By Dan Moffett
For the second time, Ocean Ridge commissioners considered a ballot referendum to the town charter that would require a four-vote supermajority for approving increases to height and density development rules.
And for a second time, the commission rejected the idea, again on a 3-2 vote at the Oct. 7 town meeting.
Mayor Steve Coz and Commissioner Phil Besler voted against the proposed referendum, as they did last November. They were joined by Commissioner Susan Hurlburt, who was elected to the commission in March, taking over the seat held by former Mayor James Bonfiglio, another supermajority opponent.
Hurlburt said she worried about “unintended consequences” of the charter change and urged residents to have more faith in their elected commission.
“You guys have got to trust us because we’re five residents here,” Hurlburt said. “We really care what our town looks like.”
Vice Mayor Don MaGruder and Commissioner Kristine de Haseth again cast the two votes for putting the supermajority requirement on the March 17 ballot.
MaGruder and de Haseth have argued that the town’s coming transition from septic tanks to municipal sewer systems could open the door to a new wave of development and put commissioners in the cross hairs of influential developers. They argued a supermajority requirement would help insulate the town from special interests and shortsighted development.
This time during supermajority discussion the commission heard from all five members of the town’s charter review committee. Last year it recommended advancing the proposal, but did so on a 3-0 vote, with two members absent and another, Polly Joa, later saying she reconsidered her yes vote.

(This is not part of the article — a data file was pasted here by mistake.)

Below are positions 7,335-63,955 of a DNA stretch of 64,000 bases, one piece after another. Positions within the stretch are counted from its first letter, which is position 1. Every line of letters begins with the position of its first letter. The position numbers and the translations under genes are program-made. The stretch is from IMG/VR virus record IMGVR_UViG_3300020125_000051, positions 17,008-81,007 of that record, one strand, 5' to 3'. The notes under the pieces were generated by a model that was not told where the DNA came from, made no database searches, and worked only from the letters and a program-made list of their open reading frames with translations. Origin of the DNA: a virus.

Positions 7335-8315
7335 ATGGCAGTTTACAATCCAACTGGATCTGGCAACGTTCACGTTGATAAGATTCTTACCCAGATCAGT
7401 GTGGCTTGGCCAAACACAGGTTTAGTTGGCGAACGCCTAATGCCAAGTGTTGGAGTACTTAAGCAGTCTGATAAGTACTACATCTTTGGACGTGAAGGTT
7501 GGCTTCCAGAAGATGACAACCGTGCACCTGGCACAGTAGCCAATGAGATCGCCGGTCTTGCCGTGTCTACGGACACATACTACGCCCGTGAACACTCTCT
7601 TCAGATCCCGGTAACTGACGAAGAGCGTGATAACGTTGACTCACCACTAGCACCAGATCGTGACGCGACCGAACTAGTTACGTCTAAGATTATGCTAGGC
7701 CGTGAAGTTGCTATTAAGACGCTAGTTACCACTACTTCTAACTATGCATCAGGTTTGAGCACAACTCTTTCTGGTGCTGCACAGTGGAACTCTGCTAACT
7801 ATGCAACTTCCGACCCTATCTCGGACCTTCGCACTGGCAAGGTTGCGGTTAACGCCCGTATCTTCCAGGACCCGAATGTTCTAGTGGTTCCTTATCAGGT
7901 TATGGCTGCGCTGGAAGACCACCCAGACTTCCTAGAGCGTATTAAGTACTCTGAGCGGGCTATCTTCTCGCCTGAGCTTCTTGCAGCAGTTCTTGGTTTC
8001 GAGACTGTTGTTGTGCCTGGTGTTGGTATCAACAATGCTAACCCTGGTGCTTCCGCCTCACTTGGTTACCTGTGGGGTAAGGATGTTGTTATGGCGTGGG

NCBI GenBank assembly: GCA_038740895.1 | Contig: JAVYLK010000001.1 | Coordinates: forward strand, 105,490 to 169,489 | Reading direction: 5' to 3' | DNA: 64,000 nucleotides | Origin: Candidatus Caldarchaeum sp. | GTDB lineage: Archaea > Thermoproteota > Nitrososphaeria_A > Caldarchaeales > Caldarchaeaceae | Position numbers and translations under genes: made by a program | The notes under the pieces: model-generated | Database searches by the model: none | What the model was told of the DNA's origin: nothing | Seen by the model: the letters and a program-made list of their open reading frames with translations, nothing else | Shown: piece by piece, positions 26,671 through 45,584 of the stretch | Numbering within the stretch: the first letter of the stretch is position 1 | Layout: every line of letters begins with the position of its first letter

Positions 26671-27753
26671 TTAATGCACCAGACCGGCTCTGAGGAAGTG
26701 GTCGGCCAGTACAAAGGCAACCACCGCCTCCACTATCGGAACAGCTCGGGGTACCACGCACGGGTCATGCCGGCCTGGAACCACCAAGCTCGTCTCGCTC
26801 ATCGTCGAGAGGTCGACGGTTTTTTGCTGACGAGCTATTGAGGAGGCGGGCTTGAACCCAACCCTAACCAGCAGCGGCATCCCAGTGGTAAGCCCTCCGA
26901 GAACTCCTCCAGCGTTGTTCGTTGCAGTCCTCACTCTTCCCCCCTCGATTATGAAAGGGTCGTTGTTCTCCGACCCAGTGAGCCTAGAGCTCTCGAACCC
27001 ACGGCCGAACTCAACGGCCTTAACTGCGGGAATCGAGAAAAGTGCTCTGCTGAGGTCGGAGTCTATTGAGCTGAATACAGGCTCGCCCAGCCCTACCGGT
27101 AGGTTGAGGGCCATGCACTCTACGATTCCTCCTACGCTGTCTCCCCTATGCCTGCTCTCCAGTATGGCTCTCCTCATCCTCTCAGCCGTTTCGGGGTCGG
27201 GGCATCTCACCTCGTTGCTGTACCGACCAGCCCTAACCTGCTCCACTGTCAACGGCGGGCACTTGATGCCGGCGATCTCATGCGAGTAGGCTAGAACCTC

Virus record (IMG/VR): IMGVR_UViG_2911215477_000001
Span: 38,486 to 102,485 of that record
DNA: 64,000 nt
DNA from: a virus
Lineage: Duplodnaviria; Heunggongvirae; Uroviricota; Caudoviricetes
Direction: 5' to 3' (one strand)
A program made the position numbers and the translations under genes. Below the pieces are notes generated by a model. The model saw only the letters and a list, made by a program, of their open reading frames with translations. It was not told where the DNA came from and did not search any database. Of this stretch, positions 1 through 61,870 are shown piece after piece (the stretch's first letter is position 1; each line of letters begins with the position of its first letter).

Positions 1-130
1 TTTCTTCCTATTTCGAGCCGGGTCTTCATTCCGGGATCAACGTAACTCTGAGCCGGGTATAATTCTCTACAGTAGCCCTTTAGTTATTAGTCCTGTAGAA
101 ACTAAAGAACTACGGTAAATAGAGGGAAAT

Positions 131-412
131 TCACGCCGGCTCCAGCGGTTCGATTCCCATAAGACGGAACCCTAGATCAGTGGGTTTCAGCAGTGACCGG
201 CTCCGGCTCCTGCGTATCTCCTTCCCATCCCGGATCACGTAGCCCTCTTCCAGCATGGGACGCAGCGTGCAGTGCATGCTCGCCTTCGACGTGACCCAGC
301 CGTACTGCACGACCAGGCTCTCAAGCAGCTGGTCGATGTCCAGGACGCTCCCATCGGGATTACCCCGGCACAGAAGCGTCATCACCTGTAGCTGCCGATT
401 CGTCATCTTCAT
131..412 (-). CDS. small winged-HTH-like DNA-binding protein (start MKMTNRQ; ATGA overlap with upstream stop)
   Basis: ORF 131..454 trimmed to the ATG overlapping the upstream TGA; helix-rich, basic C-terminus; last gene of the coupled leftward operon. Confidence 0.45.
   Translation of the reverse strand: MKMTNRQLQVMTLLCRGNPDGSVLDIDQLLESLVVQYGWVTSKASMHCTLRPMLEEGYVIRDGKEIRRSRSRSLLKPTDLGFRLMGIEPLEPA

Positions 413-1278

“The one thing when we started out is we talked about how infrequently you make changes to the charter and how serious that is,” Joa told the commission. “I don’t think at this point we go back and change the charter.”
Two former mayors on the committee, Ken Kaleel and Geoff Pugh, said the supermajority requirement would hurt the town.
“Over the umpteen years I was involved with this town, I can’t tell you how many positive things came out of a 3-2 vote,” Kaleel said. “You wouldn’t even have this Town Hall if it wasn’t for a 3-2 vote.”
Pugh wondered why the supermajority idea had even come up. He said the town has “very, very strict zoning areas” and allows no commercial development. He said that although Ocean Ridge has changed over the years, it has controls in place to stop excessive development and protect its quality of life.
“If you look at our town and see the eclectic nature of our town, the town has changed but the character of the town has not changed,” Pugh said. “I do believe that the town and its very vocal residents tell the commissioners what they want and what they don’t want.”
Two former commissioners on the charter review committee, Terry Brown and Zoanne Hennigan, supported the supermajority idea. Brown said commissioners should approve putting it on the ballot so residents could make the decision.
“Why not let the voters have a direct vote on the way in which the character of the town remains,” Brown said. “Let them decide. What are you afraid of?”
Hennigan, who chaired the committee, said the proposal was needed to protect the town from narrowly approved development decisions such as those that have changed the character of Boynton Beach and Delray Beach.
“This amendment may be the single most important thing our community can do to preserve our unique and special lifestyle,” she said. “The bottom line is the voters in Ocean Ridge deserve their voice to be heard.”